Tag Archive - ten key scenes

The 5 Turning Points in Your Novel

Almost every great story has five turning points. Movie, play, novel—regardless of genre. Traditional story structure goes way back to ancient storytellers sitting by the fire and regaling listeners with their tales. While we didn’t live back then, we can assume their stories had these essential five turning points. They’re the foundation of practically ever story we’ve ever heard.

If you’re writing fiction, you need to know what these turning points are. While short stories don’t often conform to this structure, you will see it sometimes. But if you’re writing a novel, this post’s for you.

Turning Point #1:“Opportunity” Knocks

Turning Point 1: “Opportunity.” Yes, this is the inciting incident. Michael Hauge puts it so nicely: “An event occurs that creates desire in the protagonist. Reader gets a glimpse of their longing or need.”

Ah: core need. How often I harp on this. Protagonists (and all main characters) need motivation. We do things for a reason, and your protagonist needs a strong reason to chase after her goal. We bond with characters whose needs are clear. We see what they care about, what they’re passionate about, what they love to do, what they believe in. But underneath all that is the need. A basic, maybe even primal need.

Every great story has this. Scarlett O’Hara needs love. She sure hasn’t a clue what it is or how to get  it. But it’s her core need. Continue Reading…

Is Your Premise Worth Your Time (or Anyone Else’s)?

Most fiction writers are clear about the inciting incident or initial disturbance that has to come near the start of their novel. Yet, I see way too many novels in which there really isn’t a strong impacting incident. Or it’s in the wrong place.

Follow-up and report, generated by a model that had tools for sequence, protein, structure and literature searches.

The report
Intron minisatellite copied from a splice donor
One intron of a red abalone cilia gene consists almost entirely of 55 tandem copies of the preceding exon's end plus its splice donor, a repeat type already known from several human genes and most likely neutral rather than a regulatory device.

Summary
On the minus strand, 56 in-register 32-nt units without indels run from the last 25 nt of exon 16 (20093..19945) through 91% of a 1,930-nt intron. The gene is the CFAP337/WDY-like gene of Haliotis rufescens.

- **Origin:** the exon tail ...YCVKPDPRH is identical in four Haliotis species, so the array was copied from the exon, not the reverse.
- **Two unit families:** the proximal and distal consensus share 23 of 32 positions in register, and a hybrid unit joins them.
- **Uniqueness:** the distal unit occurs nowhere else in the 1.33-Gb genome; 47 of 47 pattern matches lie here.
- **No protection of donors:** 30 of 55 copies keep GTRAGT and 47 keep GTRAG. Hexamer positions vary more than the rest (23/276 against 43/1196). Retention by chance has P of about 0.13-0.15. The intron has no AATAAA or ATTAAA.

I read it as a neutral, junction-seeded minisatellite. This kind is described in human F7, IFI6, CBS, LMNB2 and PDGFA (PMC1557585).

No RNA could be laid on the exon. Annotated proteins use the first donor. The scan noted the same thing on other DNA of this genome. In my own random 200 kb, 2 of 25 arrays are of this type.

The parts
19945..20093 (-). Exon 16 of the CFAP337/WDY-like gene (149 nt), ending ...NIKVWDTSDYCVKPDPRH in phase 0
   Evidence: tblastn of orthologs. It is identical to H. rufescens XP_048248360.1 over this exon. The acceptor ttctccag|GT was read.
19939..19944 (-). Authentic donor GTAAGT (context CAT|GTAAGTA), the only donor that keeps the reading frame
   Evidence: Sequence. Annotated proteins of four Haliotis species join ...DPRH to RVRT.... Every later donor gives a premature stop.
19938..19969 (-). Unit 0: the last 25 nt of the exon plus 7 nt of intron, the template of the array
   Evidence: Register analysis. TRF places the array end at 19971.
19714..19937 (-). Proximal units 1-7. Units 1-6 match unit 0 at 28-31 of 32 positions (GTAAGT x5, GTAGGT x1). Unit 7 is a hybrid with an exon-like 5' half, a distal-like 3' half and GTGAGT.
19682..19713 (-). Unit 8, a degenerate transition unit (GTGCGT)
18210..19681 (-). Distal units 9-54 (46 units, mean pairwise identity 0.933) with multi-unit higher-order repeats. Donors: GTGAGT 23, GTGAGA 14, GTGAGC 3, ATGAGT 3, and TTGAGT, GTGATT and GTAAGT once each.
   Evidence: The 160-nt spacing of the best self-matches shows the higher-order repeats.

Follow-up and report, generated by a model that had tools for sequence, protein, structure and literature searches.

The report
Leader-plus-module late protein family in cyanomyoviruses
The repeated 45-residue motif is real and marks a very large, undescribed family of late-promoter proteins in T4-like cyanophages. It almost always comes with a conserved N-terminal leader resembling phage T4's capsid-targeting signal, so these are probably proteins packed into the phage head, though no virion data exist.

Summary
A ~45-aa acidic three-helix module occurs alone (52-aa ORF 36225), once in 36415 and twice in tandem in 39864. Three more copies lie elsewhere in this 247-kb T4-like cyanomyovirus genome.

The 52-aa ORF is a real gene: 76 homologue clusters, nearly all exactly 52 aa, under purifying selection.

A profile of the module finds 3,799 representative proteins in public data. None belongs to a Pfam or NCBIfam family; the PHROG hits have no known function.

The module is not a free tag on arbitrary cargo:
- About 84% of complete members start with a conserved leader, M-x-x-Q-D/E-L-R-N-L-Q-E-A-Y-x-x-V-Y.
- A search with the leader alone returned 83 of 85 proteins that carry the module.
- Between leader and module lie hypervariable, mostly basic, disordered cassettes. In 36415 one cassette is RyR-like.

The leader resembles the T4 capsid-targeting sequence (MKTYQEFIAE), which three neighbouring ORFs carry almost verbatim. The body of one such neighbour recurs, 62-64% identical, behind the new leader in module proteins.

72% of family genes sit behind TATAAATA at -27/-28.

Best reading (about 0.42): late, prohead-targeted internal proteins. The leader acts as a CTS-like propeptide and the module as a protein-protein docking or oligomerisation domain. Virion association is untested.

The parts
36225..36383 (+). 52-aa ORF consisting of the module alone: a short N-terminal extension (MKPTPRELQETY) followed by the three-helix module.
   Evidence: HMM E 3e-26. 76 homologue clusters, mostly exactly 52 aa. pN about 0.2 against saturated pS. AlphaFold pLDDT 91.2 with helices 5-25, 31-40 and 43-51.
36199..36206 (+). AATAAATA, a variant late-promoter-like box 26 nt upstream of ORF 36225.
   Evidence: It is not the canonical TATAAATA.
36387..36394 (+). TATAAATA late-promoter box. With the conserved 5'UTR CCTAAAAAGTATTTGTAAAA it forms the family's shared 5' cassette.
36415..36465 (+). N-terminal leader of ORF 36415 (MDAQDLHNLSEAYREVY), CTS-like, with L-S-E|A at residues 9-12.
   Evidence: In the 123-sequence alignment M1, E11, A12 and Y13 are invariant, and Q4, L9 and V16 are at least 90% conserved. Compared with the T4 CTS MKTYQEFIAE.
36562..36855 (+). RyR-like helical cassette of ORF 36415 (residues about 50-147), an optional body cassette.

I do many fifty-page critiques on novels that have fifty pages of setup. Backstory. Telling, for example, all about how the characters met, fell in love, got married, etc. What is the stated premise? It might be about a man who has something precious taken from him and must face danger and horror to get that thing back. Huh? What did the first fifty pages have to do with any of that? Nothing.

That inciting incident often isn’t there. I imagine it shows up at some point later, but that’s way too late. The inciting incident has to come at the start of the story. It launches the story. Catapults it. You don’t want your story sitting in that little catapult bucket for weeks just waiting for someone to hit the lever and send it flying.

A ship’s voyage begins when it’s launched. Not when it’s sitting dry-docked for weeks, waiting.

Every great story is about some character in his ordinary world that gets veered off in a new or specific direction due to some incident. Michael Hauge nicely calls this an opportunity. Life is moving along, and suddenly an opportunity presents itself, for good or ill—or both.

Whether it’s a parent’s kid getting kidnapped, a violent storm blowing into town, a ship of mutant dinosaurs or zombies that land on shore, or a young woman meeting a hot man, novels need that inciting incident to launch the premise. Continue Reading…

Half-Off Online Courses in July!

A few years back, I decided to create online video courses. Many writers had expressed interest in getting deep into topics that I had written blog posts (as well as an elaboration of my free email course on Amazon success, which you can take anytime, for free, by clicking on the link at the right).

Since I opened my online school, more than 1,000 writers have taken my courses! And I’m presently putting a new course together on emotion: a really intense, deep look at how to both show emotion in our characters and evoke emotion in our readers. I plan to launch that course this fall.

In order to encourage you to check out my courses, this month, July 2019, I’m doing something I have never done. I’m offering all my courses and course packages for HALF OFF. While you get to access these courses forever (or as long as the world and/or internet exist …), you would have to enroll in my school and pay for the courses in JULY using this coupon: JULYHALFOFF.

It only takes a minute to sign up. Go to my school (cslakin.teachable.com) and enroll by putting in your email and a password. That’s all! Choose which course you want to take, go to pay, and type in the coupon. Easy peasy! Continue Reading…

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